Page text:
Frame details

The new item has a host of frame features. Some you might expect like Rocky’s fidelity to multi-position geometric bullets, although this has now been reduced to just four positions instead of 9. The Ride-4 setting uses a single Allen key to give four different positions. . riding positions that will affect the head and the effective angle of the seat tube by almost a degree.

The Element uses a slim-looking four-bar system to deliver 120mm of travel on the rear wheel, paired with a 130mm fork up front.

There is also smart sizing in terms of wheel size. Instead of trying to cut out a 29-inch wheel in all sizes, or even use a mixed-wheel setup, Rocky decided to offer the very small one in 27.5 inches. A consequence of the smaller wheels, along with the Element’s increased travel and more aggressive geometry, means the Thunderbolt is being removed from the Rocky lineup entirely. The new extra-small element features significantly more clearance (33mm) than Thunderbolt in the same size.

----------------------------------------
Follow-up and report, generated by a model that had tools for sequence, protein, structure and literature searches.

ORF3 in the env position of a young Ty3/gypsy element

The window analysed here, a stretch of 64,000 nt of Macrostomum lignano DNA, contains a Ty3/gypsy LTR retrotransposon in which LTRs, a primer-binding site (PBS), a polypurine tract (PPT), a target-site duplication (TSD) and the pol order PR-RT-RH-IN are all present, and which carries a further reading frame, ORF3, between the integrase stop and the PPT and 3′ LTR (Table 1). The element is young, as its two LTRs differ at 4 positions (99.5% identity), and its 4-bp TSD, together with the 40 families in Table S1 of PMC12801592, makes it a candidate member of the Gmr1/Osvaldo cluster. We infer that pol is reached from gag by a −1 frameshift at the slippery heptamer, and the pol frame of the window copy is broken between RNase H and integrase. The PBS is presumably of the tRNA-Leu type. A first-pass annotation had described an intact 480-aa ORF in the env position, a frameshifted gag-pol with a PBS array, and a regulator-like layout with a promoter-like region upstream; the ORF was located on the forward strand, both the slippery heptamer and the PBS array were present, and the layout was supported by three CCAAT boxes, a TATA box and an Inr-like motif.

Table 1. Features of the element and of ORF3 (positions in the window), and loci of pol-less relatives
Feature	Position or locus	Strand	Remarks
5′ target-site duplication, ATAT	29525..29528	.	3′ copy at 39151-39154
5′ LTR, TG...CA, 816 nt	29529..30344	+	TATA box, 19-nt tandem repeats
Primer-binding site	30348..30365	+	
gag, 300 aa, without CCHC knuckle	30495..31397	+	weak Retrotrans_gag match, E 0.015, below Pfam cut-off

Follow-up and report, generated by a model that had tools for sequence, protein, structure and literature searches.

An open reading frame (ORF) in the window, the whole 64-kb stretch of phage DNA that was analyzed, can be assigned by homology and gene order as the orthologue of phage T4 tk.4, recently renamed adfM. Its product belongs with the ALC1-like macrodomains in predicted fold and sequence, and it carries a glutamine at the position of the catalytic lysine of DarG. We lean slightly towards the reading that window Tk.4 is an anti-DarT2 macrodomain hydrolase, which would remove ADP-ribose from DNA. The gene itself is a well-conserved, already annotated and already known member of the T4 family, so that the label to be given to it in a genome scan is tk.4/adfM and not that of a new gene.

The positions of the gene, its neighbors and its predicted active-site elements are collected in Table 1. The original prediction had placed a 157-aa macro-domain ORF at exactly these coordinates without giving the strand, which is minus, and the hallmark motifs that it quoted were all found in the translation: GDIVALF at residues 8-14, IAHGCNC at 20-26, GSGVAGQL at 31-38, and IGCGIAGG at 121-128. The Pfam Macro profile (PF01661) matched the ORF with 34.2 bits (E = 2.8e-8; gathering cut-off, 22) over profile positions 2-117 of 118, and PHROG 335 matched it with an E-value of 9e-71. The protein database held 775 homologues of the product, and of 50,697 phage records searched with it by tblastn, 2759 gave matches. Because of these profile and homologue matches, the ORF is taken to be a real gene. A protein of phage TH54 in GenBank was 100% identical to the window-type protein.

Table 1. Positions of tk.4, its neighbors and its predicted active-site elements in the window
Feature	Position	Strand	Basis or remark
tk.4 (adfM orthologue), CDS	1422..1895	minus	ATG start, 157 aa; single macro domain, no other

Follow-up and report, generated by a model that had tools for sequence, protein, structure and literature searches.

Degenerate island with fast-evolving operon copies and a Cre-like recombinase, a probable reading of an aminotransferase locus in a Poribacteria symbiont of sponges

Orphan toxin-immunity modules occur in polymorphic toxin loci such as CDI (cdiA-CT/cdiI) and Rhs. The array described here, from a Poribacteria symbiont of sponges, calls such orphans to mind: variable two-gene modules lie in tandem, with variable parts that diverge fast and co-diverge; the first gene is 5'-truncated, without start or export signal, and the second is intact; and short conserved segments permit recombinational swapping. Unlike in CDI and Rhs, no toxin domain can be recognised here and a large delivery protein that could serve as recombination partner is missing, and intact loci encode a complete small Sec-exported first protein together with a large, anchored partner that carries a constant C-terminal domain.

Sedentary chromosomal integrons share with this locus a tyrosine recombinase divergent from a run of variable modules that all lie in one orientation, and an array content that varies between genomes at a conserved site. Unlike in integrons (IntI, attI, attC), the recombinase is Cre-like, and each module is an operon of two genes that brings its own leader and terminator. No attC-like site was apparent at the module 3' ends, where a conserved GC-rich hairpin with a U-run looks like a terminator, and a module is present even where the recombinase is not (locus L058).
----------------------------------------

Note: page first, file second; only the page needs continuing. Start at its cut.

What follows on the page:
All 29 inch frames can be fitted with two water bottles. The smaller one has to settle for one, but this is somewhat rectified by comfortably accepting a 750ml bottle.

The sleek tube continues to the rear of the bike to present a rear axle sheltered within the contours of carbon.

Carbon and alloy models offer more frame protection, chain guide, internal bike-compatible brake and gear routing, SRAM universal mount as well as shielded bearings. The main pivot nut on all bikes is interchangeable with the one on Instincts and Altitudes to accept Rocky’s Canadarm chain guide.

Bikes will gladly take anything from a 30 to 36 tooth chainring and have clearance for a 2.6 inch tire. They also feature size specific shock tunes.